1948, 16 ft. Peterborough Speedster (Dubois)
The Speedster is one of eight different boat models built by the Peterborough Canoe Company in the Streamliner class of boats. The Streamliner class included the Zephyr-No.1836; Lakeside-No.1837; Speedster-No.1838; Aqua Flyer-No.1840; Handy Boy-No.1841; Frontenac-No.1854; Admiral-No.1855; and Montcalm-No. 1856.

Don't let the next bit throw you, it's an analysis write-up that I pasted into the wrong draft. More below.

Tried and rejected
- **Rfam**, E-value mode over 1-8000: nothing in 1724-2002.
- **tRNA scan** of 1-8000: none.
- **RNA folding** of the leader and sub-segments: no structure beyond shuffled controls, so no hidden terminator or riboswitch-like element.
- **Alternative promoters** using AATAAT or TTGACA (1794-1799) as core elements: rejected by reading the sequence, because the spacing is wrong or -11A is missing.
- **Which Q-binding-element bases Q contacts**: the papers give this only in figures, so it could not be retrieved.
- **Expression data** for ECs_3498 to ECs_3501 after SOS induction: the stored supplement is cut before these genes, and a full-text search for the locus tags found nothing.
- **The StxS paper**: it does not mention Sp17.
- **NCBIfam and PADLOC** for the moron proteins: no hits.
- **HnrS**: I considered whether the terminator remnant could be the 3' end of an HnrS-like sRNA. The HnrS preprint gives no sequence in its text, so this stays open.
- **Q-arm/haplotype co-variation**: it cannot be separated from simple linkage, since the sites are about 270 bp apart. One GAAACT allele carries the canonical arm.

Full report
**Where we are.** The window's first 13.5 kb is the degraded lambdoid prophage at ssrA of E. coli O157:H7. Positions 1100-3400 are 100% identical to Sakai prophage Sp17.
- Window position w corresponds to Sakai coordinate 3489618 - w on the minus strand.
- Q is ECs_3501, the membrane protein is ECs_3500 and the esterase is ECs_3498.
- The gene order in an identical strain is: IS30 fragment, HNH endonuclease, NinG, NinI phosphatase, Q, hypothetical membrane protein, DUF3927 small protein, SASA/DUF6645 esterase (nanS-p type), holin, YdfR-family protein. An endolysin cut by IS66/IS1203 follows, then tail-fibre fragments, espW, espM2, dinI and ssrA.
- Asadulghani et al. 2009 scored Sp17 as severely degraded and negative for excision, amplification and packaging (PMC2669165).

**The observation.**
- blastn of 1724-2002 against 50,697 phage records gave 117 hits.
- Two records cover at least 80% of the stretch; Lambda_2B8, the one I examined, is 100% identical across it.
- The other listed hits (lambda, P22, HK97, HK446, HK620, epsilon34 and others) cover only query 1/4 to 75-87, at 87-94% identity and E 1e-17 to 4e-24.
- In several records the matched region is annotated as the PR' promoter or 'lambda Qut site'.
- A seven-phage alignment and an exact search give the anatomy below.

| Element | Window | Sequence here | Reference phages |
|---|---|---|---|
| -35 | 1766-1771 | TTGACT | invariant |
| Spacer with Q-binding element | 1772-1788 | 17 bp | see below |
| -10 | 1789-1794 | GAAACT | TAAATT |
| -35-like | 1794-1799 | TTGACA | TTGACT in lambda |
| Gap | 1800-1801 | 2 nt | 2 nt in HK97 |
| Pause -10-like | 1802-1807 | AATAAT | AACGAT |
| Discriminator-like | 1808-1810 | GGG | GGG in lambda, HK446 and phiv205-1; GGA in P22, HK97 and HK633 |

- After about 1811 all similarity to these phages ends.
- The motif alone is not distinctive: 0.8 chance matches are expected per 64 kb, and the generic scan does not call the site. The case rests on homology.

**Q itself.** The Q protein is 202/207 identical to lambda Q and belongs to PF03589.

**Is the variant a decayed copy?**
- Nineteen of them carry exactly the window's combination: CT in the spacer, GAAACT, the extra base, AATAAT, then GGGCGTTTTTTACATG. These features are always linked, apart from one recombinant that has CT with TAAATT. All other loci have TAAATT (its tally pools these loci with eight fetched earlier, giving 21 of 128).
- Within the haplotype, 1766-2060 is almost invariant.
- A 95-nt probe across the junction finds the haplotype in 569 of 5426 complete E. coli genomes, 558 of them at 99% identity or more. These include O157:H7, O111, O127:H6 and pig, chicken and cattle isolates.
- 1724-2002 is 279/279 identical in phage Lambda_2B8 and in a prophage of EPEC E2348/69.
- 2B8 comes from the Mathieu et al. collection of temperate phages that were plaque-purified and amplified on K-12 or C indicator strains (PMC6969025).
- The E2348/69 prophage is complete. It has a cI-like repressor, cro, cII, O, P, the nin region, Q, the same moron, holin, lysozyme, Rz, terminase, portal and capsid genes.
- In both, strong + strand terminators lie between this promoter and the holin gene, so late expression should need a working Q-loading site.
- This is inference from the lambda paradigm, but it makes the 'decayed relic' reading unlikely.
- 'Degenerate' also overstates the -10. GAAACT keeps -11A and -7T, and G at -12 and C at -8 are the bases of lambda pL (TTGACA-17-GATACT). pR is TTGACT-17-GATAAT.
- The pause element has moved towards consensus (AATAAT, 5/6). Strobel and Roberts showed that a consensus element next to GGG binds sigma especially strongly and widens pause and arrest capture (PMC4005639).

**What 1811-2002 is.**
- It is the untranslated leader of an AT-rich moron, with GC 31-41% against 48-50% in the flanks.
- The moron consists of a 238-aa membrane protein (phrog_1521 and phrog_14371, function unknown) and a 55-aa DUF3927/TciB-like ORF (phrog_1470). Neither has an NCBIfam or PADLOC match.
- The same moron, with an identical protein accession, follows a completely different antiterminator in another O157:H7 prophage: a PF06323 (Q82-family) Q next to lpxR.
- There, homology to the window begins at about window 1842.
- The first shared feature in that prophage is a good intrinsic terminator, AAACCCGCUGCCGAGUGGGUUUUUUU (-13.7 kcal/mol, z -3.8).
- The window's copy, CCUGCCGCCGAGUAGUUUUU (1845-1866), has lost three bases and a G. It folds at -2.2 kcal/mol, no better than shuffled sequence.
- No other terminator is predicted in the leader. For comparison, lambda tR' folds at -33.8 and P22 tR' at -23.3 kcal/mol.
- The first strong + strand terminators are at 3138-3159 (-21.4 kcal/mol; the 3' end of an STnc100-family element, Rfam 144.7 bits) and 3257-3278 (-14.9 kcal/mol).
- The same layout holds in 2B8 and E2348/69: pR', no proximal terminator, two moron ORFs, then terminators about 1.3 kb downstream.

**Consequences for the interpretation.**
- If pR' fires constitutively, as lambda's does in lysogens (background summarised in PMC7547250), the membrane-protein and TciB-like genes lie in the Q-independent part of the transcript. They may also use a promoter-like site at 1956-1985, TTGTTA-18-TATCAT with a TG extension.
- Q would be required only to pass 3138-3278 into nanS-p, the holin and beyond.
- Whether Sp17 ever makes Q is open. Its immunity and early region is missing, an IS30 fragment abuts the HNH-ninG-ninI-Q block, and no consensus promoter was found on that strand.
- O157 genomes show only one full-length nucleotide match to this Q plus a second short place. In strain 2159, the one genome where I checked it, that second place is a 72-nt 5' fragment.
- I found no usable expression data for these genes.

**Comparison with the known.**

Eye appealing – seaworthy – practical and dependable is a most suitable description of these Peterborough Streamliners designed and constructed for a wide variety of uses. Lengthy bow deck, comfortable cross seats with removable back rests and rear side seats so positioned to permit gas tank or battery storage at stern of boat out of the way, make these streamliners the ideal boat for general family pleasure boating yet suitable for the ardent fisherman. The Zephyr, the Lakeside, and the Speedster are designed, built and recommended for small and medium motors and carrying capacity of 5 to 6 persons. Streamliner Specifications Peterborough streamliners are built by the longitudinal strip construction using West Coast cedar, in full length strips, selected and matched for colouring. The hull is of round bottom semi-displacement designed to permit planning with proper power yet giving smooth economical performance when fully loaded. All streamliners are built for standard 15 inch shaft motors, except Frontenac, Admiral & Montcalm which are built for 20 inch shafts. A long bow deck, two cross seats and two side seats. The finish is varnished natural colour throughout inside, decks and outside. Deluxe finish – consisting of red bottom outside, with bow deck, additional side decks, seat backs and transom of attractive mahogany richly coloured and varnished – is optional on streamliners at slight additional cost. Standard Equipment on streamliners includes Peterborough chromed bow plate, full length splash rails, floorboards, removable rack type seat backs for the cross seats, and reinforcements as specified for each model. Speedster-No.1838: Length 16’, beam 55”, depth 24”, transom width 48”, x 1 1/8” thick. Carrying capacity 6 persons – recommended for motors up to 18 h.p. for speeds up to 22 mph. - Planking is 5/16” thick. – Weight 275 lbs. bow deck 5 ft., oak keel and two long outside bilge strips. Family history of the speedster Marcine’s grandfather, Floyd Allen High, bought a cabin on Rock Lake, ON (just north of Bruce Mines, ON) from an ad he saw in Popular Mechanics, right after the Second World War for the sum of $300 dollars. On September 1, 1948 he bought the Peterborough Speedster from Greenwood Electric and Hardware of Sault Ste. Marie, ON. The price of the boat was $275.00. Freight cost $8.00 to ship it from Peterborough to Sault Saint Marie. Greenwood charged $10.00 to deliver the boat to Rock Lake (Plummer was the Post Office). Total cost of the boat was $293.00. Grandpa High used the boat for fishing and had a red Johnson 5 hp motor on the boat. Marcine remembers as a child spending a lot of time up under the deck with her drawing books or napping or just staying out of the weather while the grandparents fished by trolling or still fishing. The boat was well maintained. It always had a tarp covering the boat when it was not in use. When it was used the tarp always covered the deck with the rest stuffed up under the deck. It was some time in the late 50’s when grandpa put a steering wheel and motor control on the boat. He would start the motor in neutral, climb forward and drive the boat from the front. The family never found out what happened but one day after he and grandma returned from fishing he never used the steering wheel and motor controls again. It should be noted that Marcine caught the first rainbow trout ever taken out of Rock Lake while fishing from the Speedster. Grandpa and grandma High had three children, Allen, Lorraine (Marcine’s mom), and Marian. When they passed away the three children received the following; Allen got the cottage (which had cost about $300), Lorraine got the Speedster (which cost about $300) but not the motor, and Marian got a piece of water front property that they had also paid about $300 for. Looked good on paper but some how the value is not the same now. Lorraine is thankful that she has not had to pay property tax on her inheritance. Lorraine and her husband Bob used the boat for fishing until they got the 18 hp Evenrude in 1961. The motor had been used for training purposes at an engine repair shop so it had been taken apart many times by students but not run very much. They put it on the Speedster, which was used to pull the kids on water skies, and got a used aluminum boat for fishing. Last year, 2009, Lorraine said she wanted her daughter Marcine and husband, Bob to have the Speedster as it had not had been in the water for many years, and it was just in the way sitting in the garage. So in the fall of 2009, Bob, a friend and cottage neighbour of Gord Griffin, contacted John to see if he would refinish the Speedster to her once glorious state!